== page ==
Home Read News Next Week in Music | Feb. 19-25 • New Books

Next Week in Music | Feb. 19-25 • New Books

Glen Matlock, Neil Finn, Incredible String Band & more names for your reading list.

A Sex Pistol shoots from the hip, Neil Finn lives the dream, the Incredible String Band get untangled and more: Here are the latest additions to your reading list. Let’s crack the covers:


Triggers: A Life In Music
By Glen Matlock

THE EDITED PRESS RELEASE: “Courting controversy wherever they went, The Sex Pistols embraced shock value and pushed boundaries, generating headlines and public outrage. Sharing insider tales of The Sex Pistols’ earliest gigs and stormiest reunions, as well as their most idiosyncratic inter-band dynamics, Glen Matlock tells his story through the impact 30 songs made in his life, including how Starman by David Bowie reminded him of his love for Anthony Newley or Three Button Hand Me Down by The Faces spoke to his hardscrabble early life in London. Matlock’s story is the pioneering story of punk rock yet, having performed and recorded with so many musical luminaries over the decades, Glen also reflects on his time with the likes of Iggy Pop, Bowie, The Faces, Blondie, Primal Scream and many more.”

Be Glad For The Song Has No Ending: An Incredible String Band Compendium
By Adrian Whittaker

THE EDITED PRESS RELEASE: “First published in 2003 and long out of print, Be Glad For The Song Has No Ending: An Incredible String Band Compendium is the definitive book about the ISB. Containing a wealth of interviews, essays, and ephemera from the band’s brief but tangled history, this new revised and expanded edition includes two new pieces by bandmember Rose Simpson on Witchseason Productions’ idiosyncratic offices and on recording with the ISB in the Sound Techniques studio, as well as interviews with Neil Tennant of Pet Shop Boys, folk musician Alasdair Roberts, and Ossian Brown of Coil and Cyclobe. Contributors include Rowan Williamson (former Archbishop of Canterbury), ISB manager and producer Joe Boyd, Andy Roberts, Billy Connolly and Raymond Greenoaken.”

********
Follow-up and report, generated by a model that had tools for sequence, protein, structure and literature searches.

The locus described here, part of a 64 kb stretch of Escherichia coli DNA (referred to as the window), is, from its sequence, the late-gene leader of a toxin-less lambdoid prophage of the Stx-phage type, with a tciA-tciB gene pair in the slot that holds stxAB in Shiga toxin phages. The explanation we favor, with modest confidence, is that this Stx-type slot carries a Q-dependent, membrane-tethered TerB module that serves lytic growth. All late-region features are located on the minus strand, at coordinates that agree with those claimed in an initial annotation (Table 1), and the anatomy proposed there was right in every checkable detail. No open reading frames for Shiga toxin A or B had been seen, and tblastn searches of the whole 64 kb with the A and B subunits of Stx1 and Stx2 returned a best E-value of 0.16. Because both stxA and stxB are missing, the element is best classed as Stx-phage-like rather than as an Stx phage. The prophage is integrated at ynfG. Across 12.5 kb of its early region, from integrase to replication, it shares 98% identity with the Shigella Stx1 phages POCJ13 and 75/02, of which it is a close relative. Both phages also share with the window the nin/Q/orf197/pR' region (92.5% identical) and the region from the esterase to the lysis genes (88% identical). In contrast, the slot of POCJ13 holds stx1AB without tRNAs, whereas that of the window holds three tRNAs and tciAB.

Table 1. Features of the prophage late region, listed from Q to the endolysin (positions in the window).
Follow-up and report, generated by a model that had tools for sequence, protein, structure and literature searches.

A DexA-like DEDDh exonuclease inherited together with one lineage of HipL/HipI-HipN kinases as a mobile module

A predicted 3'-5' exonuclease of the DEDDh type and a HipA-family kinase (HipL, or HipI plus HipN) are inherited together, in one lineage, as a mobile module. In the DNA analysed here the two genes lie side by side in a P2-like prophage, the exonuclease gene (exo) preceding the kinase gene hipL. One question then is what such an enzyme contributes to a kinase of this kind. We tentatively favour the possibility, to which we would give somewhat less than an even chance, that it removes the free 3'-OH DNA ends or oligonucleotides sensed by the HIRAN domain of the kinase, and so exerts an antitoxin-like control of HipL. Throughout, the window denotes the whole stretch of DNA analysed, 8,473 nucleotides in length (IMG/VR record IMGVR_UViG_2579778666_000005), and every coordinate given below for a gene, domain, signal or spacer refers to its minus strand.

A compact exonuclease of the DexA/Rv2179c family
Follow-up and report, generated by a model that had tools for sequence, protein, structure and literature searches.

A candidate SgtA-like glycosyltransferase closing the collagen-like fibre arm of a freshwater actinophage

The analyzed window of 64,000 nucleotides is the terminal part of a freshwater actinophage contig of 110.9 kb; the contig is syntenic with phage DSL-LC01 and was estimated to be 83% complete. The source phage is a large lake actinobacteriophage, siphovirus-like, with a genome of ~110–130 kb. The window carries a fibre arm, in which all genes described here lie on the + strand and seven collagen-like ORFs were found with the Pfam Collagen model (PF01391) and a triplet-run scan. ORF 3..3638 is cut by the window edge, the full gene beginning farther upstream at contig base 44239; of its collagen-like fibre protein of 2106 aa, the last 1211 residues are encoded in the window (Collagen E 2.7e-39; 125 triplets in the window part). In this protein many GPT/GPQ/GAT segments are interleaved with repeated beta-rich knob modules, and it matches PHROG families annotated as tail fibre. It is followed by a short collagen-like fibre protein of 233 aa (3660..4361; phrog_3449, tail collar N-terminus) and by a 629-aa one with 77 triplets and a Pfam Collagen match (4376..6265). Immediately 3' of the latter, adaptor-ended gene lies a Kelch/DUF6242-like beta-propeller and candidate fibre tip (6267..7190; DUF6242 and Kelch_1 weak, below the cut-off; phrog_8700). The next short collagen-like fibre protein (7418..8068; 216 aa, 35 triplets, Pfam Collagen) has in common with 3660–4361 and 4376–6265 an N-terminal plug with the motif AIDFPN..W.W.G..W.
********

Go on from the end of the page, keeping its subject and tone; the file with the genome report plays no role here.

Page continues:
Don’t Dream It’s Over: The Remarkable Life Of Neil Finn
By Jeff Apter

THE EDITED PRESS RELEASE: “Across five decades and counting, New Zealand-born singer-songwriter and Crowded House founder Neil Finn has become one of the best-loved figures in popular music, crafting enough hits along the way — Weather With You, Locked Out, I Got You, Fall At Your Feet, It’s Only Natural and of course Don’t Dream It’s Over — to forge his very own one-man Great Antipodean Songbook. One fateful day in April 1977, teenage Neil received a transcontinental phone call that would change his life. It was his older brother Tim, calling from London, England, with a simple question: ‘Do you want to join the band?’ That band, the art-rock combo Split Enz, would provide the launchpad for a career that has taken in widespread international success with Crowded House, as a solo artist, back with Tim in The Finn Brothers, and as a touring member of Fleetwood Mac. There have been bumps along the road, including repeated clashes with Tim and the tragic death of original Crowded House drummer Paul Hester, but taken as a whole, Finn’s story is one of the most inspiring musical sagas of modern times. Australian author and journalist Jeff Apter has observed Neil’s career from close quarters since the late ’70s, from frantic early Enz gigs to private listening parties to huge reunion shows and numerous points in between, giving him the perfect perspective to write this intimate, even-handed biography.”